The Good Days Between the Hard Ones With Acute Porphyria

How columnist Claire Richmond spends the rare days she feels well

Claire Richmond avatar

by Claire Richmond |

Share this article:

Share article via email
living with chronic illness | Porphyria News | main banner image for

I’ve heard people describe living with a chronic illness like acute hepatic porphyria (AHP) as a full-time job. But it requires much more than 40 hours a week, Monday through Friday. Between medication schedules, doctor appointments, insurance issues, advocacy work, and the healthy behaviors to prevent flare-ups or acute attacks, it can feel all-consuming.

Hitting 5 p.m. on Friday once signified the beginning of the weekend, a time to leave behind the stress of my week. Compartmentalizing a rare disease doesn’t work as neatly. There’s no taking a break from porphyria. More frustrating still, it feels like I have nothing to show for my time.

Sometimes I judge myself for being unproductive and sleeping late. I grow ashamed at the amount of time I spend in bed, the invitations to social events I repeatedly decline, and the swaths of time that pass without being what society considers “productive.” Everyday tasks take me longer. I can’t maintain a routine due to unpredictable symptoms and sporadic medical appointments.

A life with chronic illness is full of interruptions and setbacks. I never want to be focused solely on porphyria; it’s not my hobby.

Recommended Reading
living with chronic illness | Porphyria News | main banner image for

Does Conserving Energy Affect the Severity of My Acute Porphyria Attacks?

On a recent morning, I sat in my sweatpants, sipping coffee and scrolling through social media. I liked the posts of my peers, who’d received promotions, traveled abroad, or welcomed children into their families. I felt envious of their freedom. Energy and financial constraints didn’t affect their ability to achieve their goals or explore their passions. They didn’t have to negotiate with their bodies, insurance companies, or medical providers before making decisions.

I want to learn a skill, see the world, and even complete the projects I start. But that requires a solid foundation I can hold on to, a reliable schedule on which to build. My reality looks like discarded exercise challenges, half-completed virtual dog-training classes, canceled plane tickets, and abandoned gardening projects, all of which were enthusiastically planned before an attack. I’m optimistic I’ll complete what I start, but losing momentum again and again has become discouraging.

Activities on good days

A couple of Fridays ago, I felt pretty good. I’d ridden my electric bicycle to meet friends for our end-of-the-week coffee, a cherished ritual we started on a curb in the midst of the pandemic. Minutes after parking my bike back home, I was covered in garden dirt and giddy with an unaccustomed level of energy.

I delighted in a garden stroll with my clippers in one hand, a vase of cool water in the other. Soon, a bouquet of fresh flowers adorned my dinner table. Then, I peeled off my gardening gloves and luxuriated in hot water running over the back of my hands, satisfyingly rinsing soil from under my fingernails and just above my wrists.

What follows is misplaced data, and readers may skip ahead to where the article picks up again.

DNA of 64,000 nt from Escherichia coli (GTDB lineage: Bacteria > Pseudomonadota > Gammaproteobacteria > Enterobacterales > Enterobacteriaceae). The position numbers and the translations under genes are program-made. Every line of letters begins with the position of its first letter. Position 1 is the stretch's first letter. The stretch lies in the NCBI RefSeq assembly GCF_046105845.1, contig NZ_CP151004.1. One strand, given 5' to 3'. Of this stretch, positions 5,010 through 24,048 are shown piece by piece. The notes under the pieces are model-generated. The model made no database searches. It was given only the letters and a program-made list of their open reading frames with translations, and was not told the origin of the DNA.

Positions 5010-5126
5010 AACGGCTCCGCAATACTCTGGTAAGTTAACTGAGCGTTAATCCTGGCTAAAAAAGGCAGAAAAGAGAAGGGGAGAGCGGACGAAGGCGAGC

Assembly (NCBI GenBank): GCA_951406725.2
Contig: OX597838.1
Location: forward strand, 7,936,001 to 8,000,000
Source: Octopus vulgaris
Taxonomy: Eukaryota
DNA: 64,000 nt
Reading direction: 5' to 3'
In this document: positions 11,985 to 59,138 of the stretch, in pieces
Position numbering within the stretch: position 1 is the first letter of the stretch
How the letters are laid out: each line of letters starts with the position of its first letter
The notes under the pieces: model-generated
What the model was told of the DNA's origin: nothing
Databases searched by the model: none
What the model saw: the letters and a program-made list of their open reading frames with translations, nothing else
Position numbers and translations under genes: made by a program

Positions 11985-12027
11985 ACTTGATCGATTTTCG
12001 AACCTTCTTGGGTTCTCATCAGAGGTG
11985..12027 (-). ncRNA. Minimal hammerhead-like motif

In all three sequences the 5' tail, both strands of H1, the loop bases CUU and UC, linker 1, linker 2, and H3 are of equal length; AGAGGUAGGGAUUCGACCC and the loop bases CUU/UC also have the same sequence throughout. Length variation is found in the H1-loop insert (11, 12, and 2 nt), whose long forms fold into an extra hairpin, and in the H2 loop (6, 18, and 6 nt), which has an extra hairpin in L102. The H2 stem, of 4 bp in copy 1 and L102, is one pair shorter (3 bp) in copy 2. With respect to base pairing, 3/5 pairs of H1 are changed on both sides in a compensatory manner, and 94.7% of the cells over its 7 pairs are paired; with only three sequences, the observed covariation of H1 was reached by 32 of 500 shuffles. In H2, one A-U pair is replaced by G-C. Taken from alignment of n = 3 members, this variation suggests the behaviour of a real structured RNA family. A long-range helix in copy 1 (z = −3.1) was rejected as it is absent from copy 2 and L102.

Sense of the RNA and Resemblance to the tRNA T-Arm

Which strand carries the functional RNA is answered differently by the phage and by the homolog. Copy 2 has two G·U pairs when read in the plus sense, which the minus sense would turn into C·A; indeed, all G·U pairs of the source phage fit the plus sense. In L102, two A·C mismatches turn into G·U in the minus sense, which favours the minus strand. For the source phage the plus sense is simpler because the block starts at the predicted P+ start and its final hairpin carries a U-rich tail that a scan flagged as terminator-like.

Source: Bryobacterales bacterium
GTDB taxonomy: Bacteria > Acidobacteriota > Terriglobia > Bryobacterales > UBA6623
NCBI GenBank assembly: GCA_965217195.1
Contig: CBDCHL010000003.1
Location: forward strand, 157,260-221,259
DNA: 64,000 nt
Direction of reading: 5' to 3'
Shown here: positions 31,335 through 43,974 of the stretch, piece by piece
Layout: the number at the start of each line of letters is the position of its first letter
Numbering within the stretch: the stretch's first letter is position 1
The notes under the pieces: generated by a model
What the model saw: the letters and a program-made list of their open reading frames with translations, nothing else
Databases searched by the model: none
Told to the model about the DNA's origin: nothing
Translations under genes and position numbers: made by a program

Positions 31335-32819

I emerged from the bathroom, rubbing lotion in between my fingers, and stopped to gaze in wonder at the blooms that had been growing out of the ground in my own backyard just minutes before. A smile involuntarily crept to my lips.

On a day when I have excess room for movement and additional endurance, my inefficiencies never cease to amaze me. I don’t typically consider things like productivity or picking up an abandoned project. I might ride my bike to get a latte. I might watch a butterfly cling to the cosmos I’d haphazardly planted along the sidewalk. I might dig decades-old landscaping rock out from under layers of composted autumn leaves. I might read in the hammock or take a midday walk with a friend.

On a good day, my to-do list doesn’t matter. Productivity isn’t important when I can enjoy being in my own skin, when I can find joy in the space between attacks. Anytime I can find ways to safely reconnect without resenting, restricting, or feeling scared is critical for my mental well-being, because I can have trust issues with my body.

I typically wear leggings and sweatpants and call it my “spoonie style,” but I wasn’t feeling that look. Instead, I changed into a colorful skirt and sassy graphic T-shirt that better represented my mood. That day, I wasn’t wasting my precious, limited energy on doctor appointments. I wasn’t going to feel bad about my circumstances. I was leaving my house and going out into the world, and I wanted everyone to know I felt all right.


Note: Porphyria News is strictly a news and information website about the disease. It does not provide medical advice, diagnosis, or treatment. This content is not intended to be a substitute for professional medical advice, diagnosis, or treatment. Always seek the advice of your physician or other qualified health provider with any questions you may have regarding a medical condition. Never disregard professional medical advice or delay in seeking it because of something you have read on this website. The opinions expressed in this column are not those of Porphyria News or its parent company, BioNews, and are intended to spark discussion about issues pertaining to porphyria.

Comments

Leave a comment

Fill in the required fields to post. Your email address will not be published.